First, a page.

So the issue with this panel revolved around Goldie Blox, a company that makes toys that encourage little girls to be engineers. That’s nice and all, but they took the Beastie Boys song “Girls,” rewrote some of the lyrics, and used it without permission in an ad they put online. It’s cute and got around eight million hits in its first 10 days.
When the Beasties sent a letter asking, “What’s up?,” Goldie Blox filed a law suit against the band claiming Fair Use. That’s like “holy shit” level chutzpah.
Probably no surprise at a music conference that this wasn’t so much a discussion as it was collective indignation. The panelists (Rhett Miller, Amy Rosen, Leslie Frank, and Tom Dasavia) all seem to be on the same side of the issue – specifically, “What the fuck, Goldie Blox?” – so differences were more about the level of outrage or peripheral issues.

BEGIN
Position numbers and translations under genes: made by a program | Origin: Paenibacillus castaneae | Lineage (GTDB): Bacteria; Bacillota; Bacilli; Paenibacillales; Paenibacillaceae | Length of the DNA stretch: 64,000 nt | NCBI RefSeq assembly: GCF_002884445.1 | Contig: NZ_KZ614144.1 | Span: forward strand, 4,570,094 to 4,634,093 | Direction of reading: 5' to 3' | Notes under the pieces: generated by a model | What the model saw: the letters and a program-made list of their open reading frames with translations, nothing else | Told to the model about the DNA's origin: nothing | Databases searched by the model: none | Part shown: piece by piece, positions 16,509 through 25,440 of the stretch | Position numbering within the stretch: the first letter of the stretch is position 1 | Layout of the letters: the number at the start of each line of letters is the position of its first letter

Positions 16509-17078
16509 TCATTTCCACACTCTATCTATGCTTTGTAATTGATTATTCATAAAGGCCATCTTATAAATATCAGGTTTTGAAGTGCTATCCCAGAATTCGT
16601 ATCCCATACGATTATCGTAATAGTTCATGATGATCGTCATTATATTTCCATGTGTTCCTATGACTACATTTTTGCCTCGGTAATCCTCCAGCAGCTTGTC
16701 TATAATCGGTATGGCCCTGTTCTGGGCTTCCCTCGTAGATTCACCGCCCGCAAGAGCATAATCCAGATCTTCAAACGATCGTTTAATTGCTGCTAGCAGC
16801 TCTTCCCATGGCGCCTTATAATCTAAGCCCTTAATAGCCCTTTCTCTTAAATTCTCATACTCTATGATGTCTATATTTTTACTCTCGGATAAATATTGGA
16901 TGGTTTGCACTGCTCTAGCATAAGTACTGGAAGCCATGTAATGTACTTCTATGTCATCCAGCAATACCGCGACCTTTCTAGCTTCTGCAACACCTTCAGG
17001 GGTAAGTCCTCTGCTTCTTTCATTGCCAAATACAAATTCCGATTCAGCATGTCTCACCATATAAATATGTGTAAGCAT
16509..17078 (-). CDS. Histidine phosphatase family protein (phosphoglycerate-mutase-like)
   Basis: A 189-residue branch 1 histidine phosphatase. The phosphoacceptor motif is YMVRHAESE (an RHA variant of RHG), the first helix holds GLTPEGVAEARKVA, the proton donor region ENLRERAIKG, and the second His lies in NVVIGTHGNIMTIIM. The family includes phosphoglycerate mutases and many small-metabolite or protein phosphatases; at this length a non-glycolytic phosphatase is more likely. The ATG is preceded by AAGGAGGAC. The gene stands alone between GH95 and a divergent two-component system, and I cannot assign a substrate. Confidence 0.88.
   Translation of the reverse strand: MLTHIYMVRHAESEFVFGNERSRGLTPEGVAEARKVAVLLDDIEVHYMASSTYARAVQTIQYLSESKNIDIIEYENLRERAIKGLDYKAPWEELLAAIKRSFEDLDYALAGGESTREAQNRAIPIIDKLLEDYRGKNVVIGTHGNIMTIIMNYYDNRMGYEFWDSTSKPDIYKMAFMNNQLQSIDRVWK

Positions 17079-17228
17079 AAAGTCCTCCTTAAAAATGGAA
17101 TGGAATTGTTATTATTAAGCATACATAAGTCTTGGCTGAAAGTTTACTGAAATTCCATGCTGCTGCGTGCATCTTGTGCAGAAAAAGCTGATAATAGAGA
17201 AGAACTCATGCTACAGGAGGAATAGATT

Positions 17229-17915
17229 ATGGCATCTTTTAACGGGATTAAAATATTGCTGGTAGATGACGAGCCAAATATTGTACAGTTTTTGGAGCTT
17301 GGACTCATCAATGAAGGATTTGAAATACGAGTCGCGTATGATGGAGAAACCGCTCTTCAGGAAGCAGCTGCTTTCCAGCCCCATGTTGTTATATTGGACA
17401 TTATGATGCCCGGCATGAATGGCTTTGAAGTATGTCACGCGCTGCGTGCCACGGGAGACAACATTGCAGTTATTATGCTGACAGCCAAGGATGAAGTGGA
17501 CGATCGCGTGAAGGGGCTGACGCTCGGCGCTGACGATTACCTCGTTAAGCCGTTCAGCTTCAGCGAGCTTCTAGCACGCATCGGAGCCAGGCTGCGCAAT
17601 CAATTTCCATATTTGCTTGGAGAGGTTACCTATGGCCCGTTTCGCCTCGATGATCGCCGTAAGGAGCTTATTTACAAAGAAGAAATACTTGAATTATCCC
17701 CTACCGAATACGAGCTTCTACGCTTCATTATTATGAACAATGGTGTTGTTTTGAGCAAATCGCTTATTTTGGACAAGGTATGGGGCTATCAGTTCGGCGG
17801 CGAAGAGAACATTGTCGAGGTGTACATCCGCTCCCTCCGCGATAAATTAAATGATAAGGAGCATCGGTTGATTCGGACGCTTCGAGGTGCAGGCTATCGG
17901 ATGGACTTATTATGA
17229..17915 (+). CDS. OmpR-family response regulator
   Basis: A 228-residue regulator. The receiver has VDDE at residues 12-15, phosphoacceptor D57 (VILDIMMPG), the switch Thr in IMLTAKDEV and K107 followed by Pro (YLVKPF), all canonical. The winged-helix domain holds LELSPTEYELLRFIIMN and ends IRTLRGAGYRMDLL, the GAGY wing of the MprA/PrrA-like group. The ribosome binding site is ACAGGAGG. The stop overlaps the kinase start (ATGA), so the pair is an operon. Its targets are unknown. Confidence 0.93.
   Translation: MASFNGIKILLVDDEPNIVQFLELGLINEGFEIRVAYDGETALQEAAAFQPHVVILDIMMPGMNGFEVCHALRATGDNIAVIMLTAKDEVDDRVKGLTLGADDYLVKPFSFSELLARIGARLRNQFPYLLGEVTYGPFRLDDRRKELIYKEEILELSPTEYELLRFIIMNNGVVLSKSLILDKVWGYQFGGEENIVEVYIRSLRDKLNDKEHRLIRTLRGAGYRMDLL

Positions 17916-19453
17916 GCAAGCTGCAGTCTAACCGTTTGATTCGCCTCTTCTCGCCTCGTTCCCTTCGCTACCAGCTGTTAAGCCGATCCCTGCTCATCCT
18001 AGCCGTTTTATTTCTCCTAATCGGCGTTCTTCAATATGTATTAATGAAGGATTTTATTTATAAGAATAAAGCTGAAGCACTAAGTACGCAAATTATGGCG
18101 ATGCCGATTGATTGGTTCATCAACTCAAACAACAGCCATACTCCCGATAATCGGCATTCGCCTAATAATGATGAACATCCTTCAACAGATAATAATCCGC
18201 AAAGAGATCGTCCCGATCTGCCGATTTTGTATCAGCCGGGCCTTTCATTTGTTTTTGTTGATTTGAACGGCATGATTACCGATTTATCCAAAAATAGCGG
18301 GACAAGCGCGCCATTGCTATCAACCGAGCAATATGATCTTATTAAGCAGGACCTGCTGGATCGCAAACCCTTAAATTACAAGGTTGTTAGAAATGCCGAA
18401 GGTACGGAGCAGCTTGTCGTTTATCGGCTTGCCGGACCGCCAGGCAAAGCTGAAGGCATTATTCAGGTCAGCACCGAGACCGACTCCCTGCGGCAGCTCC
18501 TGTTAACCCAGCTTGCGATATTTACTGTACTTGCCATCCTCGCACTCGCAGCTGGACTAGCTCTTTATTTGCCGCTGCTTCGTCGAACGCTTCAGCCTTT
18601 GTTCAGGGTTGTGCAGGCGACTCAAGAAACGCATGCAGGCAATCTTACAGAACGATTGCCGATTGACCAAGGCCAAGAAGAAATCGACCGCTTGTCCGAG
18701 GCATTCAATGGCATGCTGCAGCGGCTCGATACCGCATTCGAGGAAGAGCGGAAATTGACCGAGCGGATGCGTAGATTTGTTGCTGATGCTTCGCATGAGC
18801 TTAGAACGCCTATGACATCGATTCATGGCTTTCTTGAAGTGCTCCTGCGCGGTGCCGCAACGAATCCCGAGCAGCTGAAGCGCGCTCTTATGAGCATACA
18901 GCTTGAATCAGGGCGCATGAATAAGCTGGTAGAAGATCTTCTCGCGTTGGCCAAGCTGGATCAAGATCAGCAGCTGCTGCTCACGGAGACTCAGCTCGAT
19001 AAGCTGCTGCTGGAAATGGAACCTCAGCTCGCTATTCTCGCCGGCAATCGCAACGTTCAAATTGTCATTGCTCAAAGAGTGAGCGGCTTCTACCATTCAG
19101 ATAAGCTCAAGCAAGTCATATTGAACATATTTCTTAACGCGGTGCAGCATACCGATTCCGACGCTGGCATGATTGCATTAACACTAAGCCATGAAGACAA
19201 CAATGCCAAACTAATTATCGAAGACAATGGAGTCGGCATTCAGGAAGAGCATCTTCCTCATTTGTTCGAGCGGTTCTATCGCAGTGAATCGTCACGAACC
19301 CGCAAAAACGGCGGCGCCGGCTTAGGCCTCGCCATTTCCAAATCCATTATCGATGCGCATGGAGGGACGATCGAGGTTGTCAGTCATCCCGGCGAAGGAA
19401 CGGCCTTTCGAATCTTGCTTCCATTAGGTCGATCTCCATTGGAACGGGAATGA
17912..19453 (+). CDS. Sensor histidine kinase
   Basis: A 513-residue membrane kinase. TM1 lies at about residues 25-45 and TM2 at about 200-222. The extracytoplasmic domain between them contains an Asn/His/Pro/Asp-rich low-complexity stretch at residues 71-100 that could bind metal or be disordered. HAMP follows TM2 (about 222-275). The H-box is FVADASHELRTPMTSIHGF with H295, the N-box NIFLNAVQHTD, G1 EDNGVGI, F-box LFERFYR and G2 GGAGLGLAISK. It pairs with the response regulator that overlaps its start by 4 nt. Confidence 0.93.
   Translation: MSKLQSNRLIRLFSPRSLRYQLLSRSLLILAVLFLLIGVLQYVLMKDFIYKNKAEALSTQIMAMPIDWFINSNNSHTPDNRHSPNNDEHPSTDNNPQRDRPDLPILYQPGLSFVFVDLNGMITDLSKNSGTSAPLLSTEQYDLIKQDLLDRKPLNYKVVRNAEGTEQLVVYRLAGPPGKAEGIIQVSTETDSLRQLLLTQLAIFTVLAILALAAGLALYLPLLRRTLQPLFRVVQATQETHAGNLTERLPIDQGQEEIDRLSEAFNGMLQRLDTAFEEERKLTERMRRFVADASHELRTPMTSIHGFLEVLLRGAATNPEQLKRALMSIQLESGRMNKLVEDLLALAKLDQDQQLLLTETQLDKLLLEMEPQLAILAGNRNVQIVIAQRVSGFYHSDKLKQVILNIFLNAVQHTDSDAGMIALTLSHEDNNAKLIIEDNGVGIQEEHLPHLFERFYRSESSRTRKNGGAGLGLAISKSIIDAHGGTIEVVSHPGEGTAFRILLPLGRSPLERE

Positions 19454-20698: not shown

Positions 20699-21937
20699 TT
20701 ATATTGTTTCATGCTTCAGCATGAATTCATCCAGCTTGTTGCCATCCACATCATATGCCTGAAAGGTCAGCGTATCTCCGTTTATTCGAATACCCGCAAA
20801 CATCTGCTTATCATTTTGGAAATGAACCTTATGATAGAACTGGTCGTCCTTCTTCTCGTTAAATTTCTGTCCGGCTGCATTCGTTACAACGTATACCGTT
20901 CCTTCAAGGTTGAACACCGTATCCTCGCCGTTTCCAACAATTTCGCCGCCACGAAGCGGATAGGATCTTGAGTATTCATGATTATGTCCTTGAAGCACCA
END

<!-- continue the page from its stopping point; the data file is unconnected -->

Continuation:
It might have been a more lively discussion had some holdovers from the Interactive portion of SXSW participated. Instead, there was one moment of just how backwards things have gotten when Miller, the musician, said he thought, “The value of copyright is under attack as large corporations are hungry for ‘content.’”
To which Leslie Frank, the lawyer in the room, broke into note, “The fact that we call ‘art’ ‘content’ drives me insane.”
So yeah, we’re at the point where lawyers are the last defenders of art.
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